B. Butterfly wings. Oval (greater axis ~12 cm) earrings featuring iridescent Blue Morpho (Morpho didius  Hopffer, 1874  [ssp.?]) butterfly wing inserts sealed with clear, enamel resins.  Fashioned by Barbara J. Bosco.  photo by Barbara Bosco - www.bboscodesigns.com, courtesy  www.butterflyutopia.com)

C. Butterfly wings. This picture (height -55 cm) was made from butterfly wings  (i.e., no other material, save the "canvas," is used) in Africa, using wings from dead butterflies collected from the ground. (© photo by Paul Caparatta, courtesy  www.butterflyutopia.com)

OCCURRENCES & NOTEWORTHY LOCALITIES:   Most butterfly wings used in jewelry and for fashioning decorative items come from so-called butterfly farms in rainforest areas in the tropics and semi-tropics -- e.g., Madagascar, Brazil and Costa Rica.  Werner and Bijok (1970) provide a beautifully illustrated record of some particularly attractive butterflies and moths from widespread localities throughout the world (other than North America), with emphasis on those from Europe; Clench (1975,p.33-42) describes distribution data on the basis of faunal regions, outlined on a map of the world, and also gives a rather detailed map relating the pertinent zones in North America.  Pyle (1981), Scott (1986 -  see especially Figure 44) and Brock & Kaufman (2003) provide coverage for common butterflies of North America;  etc.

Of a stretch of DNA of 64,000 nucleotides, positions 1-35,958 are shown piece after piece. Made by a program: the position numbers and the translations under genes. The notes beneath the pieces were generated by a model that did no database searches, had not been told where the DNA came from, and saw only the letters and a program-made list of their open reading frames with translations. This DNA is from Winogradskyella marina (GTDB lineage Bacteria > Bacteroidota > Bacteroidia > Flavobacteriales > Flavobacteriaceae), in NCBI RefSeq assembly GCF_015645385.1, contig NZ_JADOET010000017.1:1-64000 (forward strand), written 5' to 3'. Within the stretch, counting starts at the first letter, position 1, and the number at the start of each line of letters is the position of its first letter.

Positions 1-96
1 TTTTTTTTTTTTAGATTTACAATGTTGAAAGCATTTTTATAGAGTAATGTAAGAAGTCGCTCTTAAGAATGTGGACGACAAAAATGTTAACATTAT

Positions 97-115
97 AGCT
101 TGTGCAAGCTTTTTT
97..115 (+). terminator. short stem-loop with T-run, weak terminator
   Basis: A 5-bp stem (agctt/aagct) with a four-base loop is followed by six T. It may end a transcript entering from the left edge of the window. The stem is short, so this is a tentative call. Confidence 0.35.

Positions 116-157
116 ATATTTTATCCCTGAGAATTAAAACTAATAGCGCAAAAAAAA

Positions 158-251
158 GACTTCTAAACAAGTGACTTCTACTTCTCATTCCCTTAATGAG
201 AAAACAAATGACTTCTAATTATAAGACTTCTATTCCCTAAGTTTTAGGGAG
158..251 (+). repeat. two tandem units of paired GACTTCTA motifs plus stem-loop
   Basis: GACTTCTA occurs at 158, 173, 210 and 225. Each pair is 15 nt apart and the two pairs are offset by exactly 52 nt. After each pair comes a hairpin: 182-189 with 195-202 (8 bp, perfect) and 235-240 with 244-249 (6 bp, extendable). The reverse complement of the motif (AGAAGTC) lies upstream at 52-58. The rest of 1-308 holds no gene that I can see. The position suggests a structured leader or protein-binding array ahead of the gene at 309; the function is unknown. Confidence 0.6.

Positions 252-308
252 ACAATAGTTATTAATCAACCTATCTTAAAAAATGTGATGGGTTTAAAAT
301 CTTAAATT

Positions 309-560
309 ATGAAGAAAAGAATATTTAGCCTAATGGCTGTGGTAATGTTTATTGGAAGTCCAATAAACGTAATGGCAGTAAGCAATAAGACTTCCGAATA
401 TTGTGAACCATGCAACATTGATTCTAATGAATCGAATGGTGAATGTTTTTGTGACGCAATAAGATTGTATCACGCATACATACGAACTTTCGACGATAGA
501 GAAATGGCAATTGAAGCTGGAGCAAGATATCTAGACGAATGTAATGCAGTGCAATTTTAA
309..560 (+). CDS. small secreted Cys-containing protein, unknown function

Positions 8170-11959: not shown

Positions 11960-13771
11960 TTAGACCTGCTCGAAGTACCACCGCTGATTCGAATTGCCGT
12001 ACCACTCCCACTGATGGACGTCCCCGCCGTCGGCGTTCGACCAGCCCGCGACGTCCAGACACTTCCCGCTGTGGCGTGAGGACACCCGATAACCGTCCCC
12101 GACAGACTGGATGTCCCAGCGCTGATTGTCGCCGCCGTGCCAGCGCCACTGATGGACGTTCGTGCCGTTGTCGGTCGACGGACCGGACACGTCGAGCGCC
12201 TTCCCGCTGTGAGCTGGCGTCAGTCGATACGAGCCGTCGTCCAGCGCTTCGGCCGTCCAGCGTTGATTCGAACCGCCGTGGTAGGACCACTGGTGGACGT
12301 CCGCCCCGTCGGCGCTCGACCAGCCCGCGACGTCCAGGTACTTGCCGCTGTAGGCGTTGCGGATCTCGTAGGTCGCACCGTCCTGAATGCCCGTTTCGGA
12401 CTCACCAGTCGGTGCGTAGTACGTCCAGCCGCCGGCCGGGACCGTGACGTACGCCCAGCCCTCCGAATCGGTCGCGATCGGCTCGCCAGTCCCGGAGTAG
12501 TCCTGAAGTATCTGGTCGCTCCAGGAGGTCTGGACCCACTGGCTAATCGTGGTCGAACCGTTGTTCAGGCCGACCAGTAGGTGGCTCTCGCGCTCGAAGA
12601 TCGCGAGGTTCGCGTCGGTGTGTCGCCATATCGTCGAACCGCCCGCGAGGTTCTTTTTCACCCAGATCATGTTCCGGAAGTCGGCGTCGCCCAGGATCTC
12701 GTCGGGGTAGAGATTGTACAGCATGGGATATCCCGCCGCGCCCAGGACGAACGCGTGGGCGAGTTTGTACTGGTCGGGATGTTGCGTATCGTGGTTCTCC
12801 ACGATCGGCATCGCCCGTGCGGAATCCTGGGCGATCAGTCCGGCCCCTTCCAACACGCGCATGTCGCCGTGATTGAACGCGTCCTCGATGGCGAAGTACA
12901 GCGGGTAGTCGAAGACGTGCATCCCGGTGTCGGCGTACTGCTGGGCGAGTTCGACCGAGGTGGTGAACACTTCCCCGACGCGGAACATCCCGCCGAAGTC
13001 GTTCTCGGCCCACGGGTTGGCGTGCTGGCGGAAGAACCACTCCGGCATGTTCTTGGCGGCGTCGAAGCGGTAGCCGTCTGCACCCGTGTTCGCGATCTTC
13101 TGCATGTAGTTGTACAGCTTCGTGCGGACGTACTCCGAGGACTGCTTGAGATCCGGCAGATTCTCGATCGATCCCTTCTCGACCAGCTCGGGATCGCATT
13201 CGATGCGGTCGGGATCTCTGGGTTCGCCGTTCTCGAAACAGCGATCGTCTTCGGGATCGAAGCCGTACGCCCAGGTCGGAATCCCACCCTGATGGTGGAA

REMARKS:  As noted, butterflies belong to the order, Lepidoptera, the designation of which is derived from the Greek λεπις/λεπιδ (scale/scaly) plus πτερα (wing).   The following is given along with the definitions of butterfly in The American Heritage Dictionary (1995): “Is a butterfly named for the color of its excrement or because it was really a thieving witch? The first suggestion rests on the fact that an early Dutch name for the butterfly was boterschijte.  This name is as astonishing a phenomenon as the fact that anyone ever noticed the color of butterfly excrement. Apparently, however, when the butterfly was not busy leaving colorful traces of itself, it was stealing milk and butter. This was not because of its thievish nature but because it was really a mischievous witch in the form of a winged insect. So the second suggestion is that this predilection for butter larceny gave rise to the colorful insect's name.”

Procedures and equipment required for catching, collecting, mounting, raising, .... butterflies are described by, for example, Clench (1975, p.51-72) and Scott (1986, p.507-511) .  Preparation of butterflies, especially their wings, is a rather complicated and tedious process;  step-by-step instructions -- albeit with some unnecessary whimsical(?) asides -- are available in The Insect company (2006).